PowderSim is a calculation tool that combines a discrete-element method (DEM) module, including calibrated interparticle- interaction relationships, with a mesh-free, continuum, SPH (smoothed-particle hydrodynamics) based module that utilizes enhanced, calibrated, constitutive models capable of mimicking both large deformations and the flow behavior of regolith simulants and lunar regolith under conditions anticipated during in situ resource utilization (ISRU) operations.

The major innovation introduced in PowderSim is to use a mesh-free method (SPH-based) with a calibrated and slightly modified critical-state soil mechanics constitutive model to extend the ability of the simulation tool to also address fullscale engineering systems in the continuum sense. The PowderSim software maintains the ability to address particlescale problems, like size segregation, in selected regions with a traditional DEM module, which has improved contact physics and electrostatic interaction models.

PowderSim provides answers with comprehensive cohesivecontact models and a new charge-spot model for electrostatic forces arising from localized charge patches on the surfaces and in the interiors of individual particles. For systems that are too large to be simulated with a discrete element approach, PowderSim incorporates a continuum-based SPH module, which when considering the addition of a calibrated, cohesive, constitutive model (Lunar Regolith Constitutive Model (LRCM)), is a novel use of mesh-free methods. Because of the discrete and continuum methods implemented in the same framework, the software can capture dynamic particulate material behavior at a variety of spatial scales from the coarse-grain scale (DEM) to the bulk scale (SPH). The DEM capability also supports clustering, which allows it to capture a rich variety of shape detail. Advanced contact models and charge spots capture many effects of contact plasticity and hysteresis, roughness, adhesion, and electrostatic interaction of particles. The SPH capability for bulk material behavior uses the LRCM to capture the critical-state behavior of cohesive lunar regolith.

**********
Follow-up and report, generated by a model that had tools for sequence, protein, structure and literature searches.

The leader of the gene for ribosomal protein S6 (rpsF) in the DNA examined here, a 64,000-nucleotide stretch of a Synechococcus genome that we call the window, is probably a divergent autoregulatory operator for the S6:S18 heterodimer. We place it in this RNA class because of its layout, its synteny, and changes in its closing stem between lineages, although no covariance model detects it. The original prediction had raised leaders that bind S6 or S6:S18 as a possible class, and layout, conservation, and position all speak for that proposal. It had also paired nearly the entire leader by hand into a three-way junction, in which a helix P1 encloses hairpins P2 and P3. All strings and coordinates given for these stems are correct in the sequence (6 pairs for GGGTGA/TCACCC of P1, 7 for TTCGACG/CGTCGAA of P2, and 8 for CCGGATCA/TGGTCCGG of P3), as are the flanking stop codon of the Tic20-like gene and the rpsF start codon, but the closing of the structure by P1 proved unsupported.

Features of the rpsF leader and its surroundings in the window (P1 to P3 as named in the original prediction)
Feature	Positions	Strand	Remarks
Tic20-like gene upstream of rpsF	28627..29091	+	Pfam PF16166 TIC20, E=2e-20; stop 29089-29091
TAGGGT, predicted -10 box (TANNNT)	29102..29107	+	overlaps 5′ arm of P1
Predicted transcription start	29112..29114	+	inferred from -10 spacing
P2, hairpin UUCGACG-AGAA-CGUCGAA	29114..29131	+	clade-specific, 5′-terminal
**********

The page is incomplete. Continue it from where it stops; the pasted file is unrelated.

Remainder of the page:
This work was done by Scott Johnson, Otis Walton, and Randolph Settgast of Grainflow Dynamics for Glenn Research Center.

Inquiries concerning rights for the commercial use of this invention should be addressed to NASA Glenn Research Center, Innovative Partnerships Office, Attn: Steven Fedor, Mail Stop 4–8, 21000 Brookpark Road, Cleveland, Ohio 44135. LEW-18801-1

NASA Tech Briefs Magazine

This article first appeared in the January, 2013 issue of NASA Tech Briefs Magazine.

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